Many folks, when faced with references to the Volunteer State, can conjure up a few facts about Tennessee. Perhaps they know that Nashville is the Country Music Capital of the World, or that the Great Smoky Mountains dot the landscape, or that the state is known for their own style of (hot) chicken.
But read on for seven more facts about Tennessee that will give you a deeper appreciation for the southern state.
This annual musical festival takes place on nearly 700 acres of farmland every June and attracts over 90,000 concertgoers, bringing in an estimated $51 million since its inception in 2002. This economic impact and number of attendees over the four day event makes it one of the largest festivals in the world, earning Rolling Stone's title of Best Festival in 2008.
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2. Mountain Dew
The neon-yellow drink that has helped many folks get the sugar they need to power through studying or a long day at work got it starts in the 1940s in Tennessee. The Knoxville, Tennessee soda creators called it "Mountain Dew" as a homage to Tennessee's "Mountain Moonshine," according to the Knoxville News Sentinel.
3. Kooky Canuck Burgers
In Memphis, a 12 lb. burger beckons adventurous eaters from the Kooky Canuck restaurant. From their menu: "Our KOOKY version of the original, a 12-pound beef patty plus the fixins totaling 25 pounds of pure madness. If you and three friends can eat it ALL in 60 minutes, it's on us … $99.99."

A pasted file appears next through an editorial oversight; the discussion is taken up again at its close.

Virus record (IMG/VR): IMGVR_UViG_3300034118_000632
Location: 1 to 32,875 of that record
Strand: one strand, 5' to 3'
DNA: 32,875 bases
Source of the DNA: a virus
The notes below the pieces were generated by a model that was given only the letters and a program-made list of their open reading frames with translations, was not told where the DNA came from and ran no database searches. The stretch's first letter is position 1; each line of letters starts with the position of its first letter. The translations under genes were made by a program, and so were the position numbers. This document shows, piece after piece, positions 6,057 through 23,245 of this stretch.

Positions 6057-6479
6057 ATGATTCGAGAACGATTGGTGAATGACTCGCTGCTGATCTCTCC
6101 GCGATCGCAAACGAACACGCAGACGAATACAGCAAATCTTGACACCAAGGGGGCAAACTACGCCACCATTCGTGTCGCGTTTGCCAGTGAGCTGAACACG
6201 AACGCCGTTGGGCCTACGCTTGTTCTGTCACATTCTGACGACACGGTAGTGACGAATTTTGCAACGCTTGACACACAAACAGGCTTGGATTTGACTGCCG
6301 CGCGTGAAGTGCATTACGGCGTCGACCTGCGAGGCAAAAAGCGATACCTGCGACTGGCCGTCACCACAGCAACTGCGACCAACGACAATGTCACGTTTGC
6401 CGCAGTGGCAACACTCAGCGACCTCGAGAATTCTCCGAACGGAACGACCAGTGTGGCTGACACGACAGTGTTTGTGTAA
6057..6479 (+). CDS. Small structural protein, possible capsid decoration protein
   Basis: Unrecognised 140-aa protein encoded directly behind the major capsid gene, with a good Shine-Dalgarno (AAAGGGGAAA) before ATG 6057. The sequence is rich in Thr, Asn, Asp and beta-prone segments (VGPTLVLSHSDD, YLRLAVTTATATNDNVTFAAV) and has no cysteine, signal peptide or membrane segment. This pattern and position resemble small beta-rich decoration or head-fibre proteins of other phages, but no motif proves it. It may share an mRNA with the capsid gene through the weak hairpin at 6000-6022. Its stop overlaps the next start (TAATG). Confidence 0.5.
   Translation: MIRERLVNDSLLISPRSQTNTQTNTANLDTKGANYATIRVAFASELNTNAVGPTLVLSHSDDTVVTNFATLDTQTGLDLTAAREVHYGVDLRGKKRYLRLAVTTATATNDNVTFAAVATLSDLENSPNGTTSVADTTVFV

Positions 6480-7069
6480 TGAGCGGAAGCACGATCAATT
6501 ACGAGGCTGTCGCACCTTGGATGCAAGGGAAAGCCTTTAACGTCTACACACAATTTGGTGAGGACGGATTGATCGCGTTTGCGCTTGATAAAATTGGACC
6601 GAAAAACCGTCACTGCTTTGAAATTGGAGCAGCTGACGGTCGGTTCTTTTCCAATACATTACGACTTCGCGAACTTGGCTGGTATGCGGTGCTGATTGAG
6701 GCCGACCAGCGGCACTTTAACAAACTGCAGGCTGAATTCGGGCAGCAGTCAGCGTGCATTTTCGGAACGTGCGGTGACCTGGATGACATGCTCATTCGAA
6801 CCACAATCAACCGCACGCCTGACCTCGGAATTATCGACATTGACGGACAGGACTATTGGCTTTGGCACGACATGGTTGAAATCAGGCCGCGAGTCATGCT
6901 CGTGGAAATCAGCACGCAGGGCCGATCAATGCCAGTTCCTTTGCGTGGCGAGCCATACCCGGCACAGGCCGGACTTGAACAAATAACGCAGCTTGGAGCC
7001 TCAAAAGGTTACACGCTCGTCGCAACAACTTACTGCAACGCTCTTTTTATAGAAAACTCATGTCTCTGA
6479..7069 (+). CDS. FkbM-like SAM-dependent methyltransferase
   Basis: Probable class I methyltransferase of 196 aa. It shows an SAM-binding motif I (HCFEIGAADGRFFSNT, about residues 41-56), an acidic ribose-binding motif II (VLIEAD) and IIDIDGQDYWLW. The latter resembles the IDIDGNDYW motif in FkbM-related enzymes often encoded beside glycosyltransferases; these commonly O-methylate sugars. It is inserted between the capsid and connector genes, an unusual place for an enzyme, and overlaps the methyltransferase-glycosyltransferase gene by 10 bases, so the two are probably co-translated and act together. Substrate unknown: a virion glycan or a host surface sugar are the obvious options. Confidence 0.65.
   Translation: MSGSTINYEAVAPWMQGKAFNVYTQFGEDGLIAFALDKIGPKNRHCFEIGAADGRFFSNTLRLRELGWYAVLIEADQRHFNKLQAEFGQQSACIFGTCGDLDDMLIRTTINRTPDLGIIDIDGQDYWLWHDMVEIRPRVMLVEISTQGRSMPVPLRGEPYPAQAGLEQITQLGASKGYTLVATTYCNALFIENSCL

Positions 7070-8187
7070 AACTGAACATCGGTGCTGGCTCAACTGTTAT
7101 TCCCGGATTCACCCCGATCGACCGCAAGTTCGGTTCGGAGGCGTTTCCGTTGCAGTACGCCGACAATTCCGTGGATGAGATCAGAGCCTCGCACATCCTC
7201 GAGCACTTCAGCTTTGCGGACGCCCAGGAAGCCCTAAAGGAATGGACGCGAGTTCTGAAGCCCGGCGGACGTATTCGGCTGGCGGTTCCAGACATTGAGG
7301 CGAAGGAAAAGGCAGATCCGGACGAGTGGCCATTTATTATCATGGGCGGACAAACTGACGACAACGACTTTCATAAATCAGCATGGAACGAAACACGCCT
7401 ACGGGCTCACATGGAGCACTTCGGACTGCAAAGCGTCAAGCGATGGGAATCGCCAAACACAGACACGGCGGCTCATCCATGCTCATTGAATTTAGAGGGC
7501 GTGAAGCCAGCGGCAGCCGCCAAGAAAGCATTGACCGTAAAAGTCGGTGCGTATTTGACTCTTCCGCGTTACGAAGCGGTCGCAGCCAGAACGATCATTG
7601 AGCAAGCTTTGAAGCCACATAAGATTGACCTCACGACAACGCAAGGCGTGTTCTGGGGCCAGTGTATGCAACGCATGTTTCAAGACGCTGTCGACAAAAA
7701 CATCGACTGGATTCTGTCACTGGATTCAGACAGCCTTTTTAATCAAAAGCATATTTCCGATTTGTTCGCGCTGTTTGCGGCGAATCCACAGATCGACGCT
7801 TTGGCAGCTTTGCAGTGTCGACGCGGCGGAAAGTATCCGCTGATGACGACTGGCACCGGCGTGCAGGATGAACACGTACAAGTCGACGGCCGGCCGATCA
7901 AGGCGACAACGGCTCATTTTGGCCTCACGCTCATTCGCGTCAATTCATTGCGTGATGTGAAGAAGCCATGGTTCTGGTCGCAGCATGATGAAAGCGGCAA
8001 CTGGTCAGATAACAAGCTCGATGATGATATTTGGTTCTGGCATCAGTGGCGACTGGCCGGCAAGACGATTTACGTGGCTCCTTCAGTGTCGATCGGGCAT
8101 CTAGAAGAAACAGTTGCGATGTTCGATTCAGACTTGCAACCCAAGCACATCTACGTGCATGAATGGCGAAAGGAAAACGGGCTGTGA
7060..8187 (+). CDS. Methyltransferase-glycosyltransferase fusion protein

4. World's Largest Freshwater Aquarium
Tennessee Aquarium, located in Chattanooga is home to over 7,000 animals and has an economic impact on its city of more than $77 million every year. Since opening their doors, they have welcomed over 20 million visitors, according to timesfreepress.com.
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5. First miniature golf course
Speaking of Chattanooga, the first patented miniature golf course started here and began handing out clubs in 1927. Its creators, Mr. and Mrs. Carter, built the mini golf course to help book more guests at their Lookout Mountain hotel, the Fairyland Inn.
6. Tow Trucks
Another Chattanooga claim to fame: tow trucks. The story goes that in 1916 mechanic Ernest Holmes received a phone call from a former professor. "He modified a 1913 Cadillac, adding a crane and pulley system. The idea was that this modified vehicle could rescue other distressed vehicles and tow them to a mechanics shop for repair," according to Why Didn't I Think of That?
7. America's Only Freshwater Pearls
The official gem of Tennessee is a freshwater pearl.
Why? Because it's the only freshwater pearl farm in all of America! It's "rarely found naturally from these living animals," but visitors to Camden, Tennessee can visit the farm and take a mini or full tour of the facility.
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